THUNDERSTUCK. Sound of the drums beating my heart.

Block: Morning weigh-in. Re-grip the sticks…and Swing.
Block: Heavy legs. Re-grip the sticks…and Pound.
Block: Lack of sleep. Re-grip…and Slam.
Block: Work. WORK. Re-grip, unleash and Pulverize ‘em.

Time Check: 6.12 miles @ 55.08 minutes.

Nap Time.


Notes:

5:00 Bell: Going Home

summer-drive-chill


Source: Visualphotos.com via Youreyesblazeout

 

Revving it up for the Weekend

Lion King


Source: summerlaughters

T.G.I.F.: It’s been a long week

funny-bear-gif-fall


(Note to Self: I know what the outcome is. How many times can I watch this?)


Source: gifak-net.tumblr.com

1 min 30 to Start Your Day Off Right


From Stephen:

Catching up on your posts and came across your July 7 Monday Mantra.  Thought you might like to see the original video of the reggae-biased Morepork … so named for their call. If you live close to bush in New Zealand, you turn on the porch light and these little guys will come calling to feed on the moths.”

This little Morepork (or Ruru in Maori) arrived at New Zealand Bird Rescue Charitable Trust’s Green Bay Hospital in Auckland when it was about a week old. Now it is flying and has lost most of its baby feathers. New Zealand Bird Rescue supports the community by assisting many thousands of sick, orphaned, injured and lost birds every year. Birds that come into care here are rehabilitated until they are ready for release back into the wild. We accept and care for all New Zealand birds; no bird is ever turned away. Many have been victims of cat attacks, road accidents, pollution, fishing line entanglements, and human ignorance or cruelty.


Thank you Stephen.

Ungraspable

galaxy-universe-travel-light


I’m outside with Zeke.
It’s dark. Still. Quiet.
We’re both calm.
I look up.
He’s sniffing.
Yes, I sense it too.
Something bigger, much bigger here.


In quietness,
the sound of eternity
can at times be heard—
the stars somehow closer and
a sense of the earth’s moving.

~ Michael Boiano


Milky Way Fact Source: Thank you Rob Firchau @ The Hammock Papers

Lightly child, lightly

bubbles


Credits:

  • Image Source: jaimejustelaphoto.
  • Other Lightly Child, Lightly posts: 1) Lightly child, lightly, 2) Lightly Child. Lightly.
  • Post Title & Inspiration: Aldous Huxley: “It’s dark because you are trying too hard. Lightly child, lightly. Learn to do everything lightly. Yes, feel lightly even though you’re feeling deeply. Just lightly let things happen and lightly cope with them.”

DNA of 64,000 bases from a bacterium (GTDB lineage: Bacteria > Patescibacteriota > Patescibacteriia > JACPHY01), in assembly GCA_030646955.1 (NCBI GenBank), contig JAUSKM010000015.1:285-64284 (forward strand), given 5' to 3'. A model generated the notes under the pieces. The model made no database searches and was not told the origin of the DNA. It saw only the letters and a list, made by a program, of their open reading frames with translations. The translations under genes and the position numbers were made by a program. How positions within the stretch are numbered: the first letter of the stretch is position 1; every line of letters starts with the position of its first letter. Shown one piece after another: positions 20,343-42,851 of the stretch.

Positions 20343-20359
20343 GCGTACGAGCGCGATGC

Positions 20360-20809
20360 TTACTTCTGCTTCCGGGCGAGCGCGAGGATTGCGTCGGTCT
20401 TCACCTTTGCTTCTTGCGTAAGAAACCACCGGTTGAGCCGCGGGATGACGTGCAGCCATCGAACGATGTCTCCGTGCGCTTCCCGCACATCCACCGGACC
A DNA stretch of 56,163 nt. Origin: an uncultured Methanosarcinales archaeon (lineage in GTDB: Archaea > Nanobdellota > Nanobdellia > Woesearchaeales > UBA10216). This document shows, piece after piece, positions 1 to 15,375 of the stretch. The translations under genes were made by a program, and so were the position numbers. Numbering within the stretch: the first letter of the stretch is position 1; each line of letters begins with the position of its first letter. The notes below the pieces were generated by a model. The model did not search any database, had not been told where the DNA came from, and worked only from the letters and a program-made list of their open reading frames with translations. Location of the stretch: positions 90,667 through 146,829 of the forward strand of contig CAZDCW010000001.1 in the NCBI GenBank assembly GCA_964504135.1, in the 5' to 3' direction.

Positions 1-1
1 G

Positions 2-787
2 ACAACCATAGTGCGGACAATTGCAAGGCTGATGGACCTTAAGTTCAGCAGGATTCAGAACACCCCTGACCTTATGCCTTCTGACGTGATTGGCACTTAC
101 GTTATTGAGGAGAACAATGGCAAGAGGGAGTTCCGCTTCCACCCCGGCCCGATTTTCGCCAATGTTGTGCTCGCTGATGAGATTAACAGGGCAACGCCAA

Guess.What.Day.It.Is?

camel-kiss-cute-funny


Look at my form!


Source: Inquisitr

Memento Mori

camera-gif-photograph

“All photographs are memento mori. To take a photograph is to participate in another person’s (or thing’s) mortality, vulnerability, mutability. Precisely by slicing out this moment and freezing it, all photographs testify to time’s relentless melt.”

— Susan Sontag


Notes:

First things first

coffee-funny-morning-work


Source: Thank you Assorted

Rachel: Your Dad was a wee bit ahead of his time…


The Huffington Post: Colbie Caillat Rallies Against Photoshop In ‘Try’ Music Video:

In her music video for “Try,” Colbie Caillat takes a stance against Photoshop. She starts off the video looking like (as MTV put it) “a cartoonized version of Mariah Carey in a Dove ad” and proceeds to un-Photoshop herself, ending the song as her natural, unedited self, alongside a wonderfully diverse set of women, who undergo the same transition.

“When I shot the first scene with no hair and makeup on in front of an HD camera in my face, flashed with bright lights, everyone was watching,” she told Elle. “I thought, ‘Oh my god, I bet they’re all looking at my blemishes, thinking that I should cover them up, or that I should put some volume in my hair.’ But it also felt really cool to be on camera with zero on, like literally nothing on. And then when it got to the full hair and makeup, I actually felt gross. I was just so caked on.”

[...]Take your make-up off
Let your hair down
Take a breath
Look into the mirror, at yourself
Don’t you like you?
Cause I like you


Thank you Liz.


Sunday Sermon

photography,Montana,black and white
I always have this sense that something is going to resolve my spiritual anxieties once and for all, that one day I’ll just relax and be a believer. I read book after book. I seek out intense experiences in art, in nature, or in conversations with people I respect and who seem to rest more securely in their faith than I do. Sometimes it seems that gains are made, for these things can and do provide relief and instruction. But always the anxiety comes back, is the norm from which faith deviates, if faith is even what you would call these intense but somehow vague and fleeting experiences of God. I keep forgetting, or perhaps simply will not let myself see, what true faith is, its active and outward nature. I should never pray to be at peace in my belief. I should pray only that my anxiety be given peaceful outlets, that I might be the means to a peace that I myself do not feel.

~ Christian Wiman, My Bright Abyss: Meditation of a Modern Believer


Notes:

 

Summer

surf-texas-Kenny-braun


Kenny Braun Photography: Kenny Braun is a Texas photographer that’s equal parts Thoreau and Avedon—an existential outdoorsman and consummate professional who adeptly captures everything from remote places to far away gazes. He brings a consistent visual identity to a wide range of subject matter by focusing on quality of light, color and mood. Music, surfing and photography have been his passions since high-school, each influencing the other. His personal work explores a sense of place and memory by returning to scenes from his childhood. His curiosity about faces and places is evident in his work, which is so vivid you can’t even imagine a photographer being involved.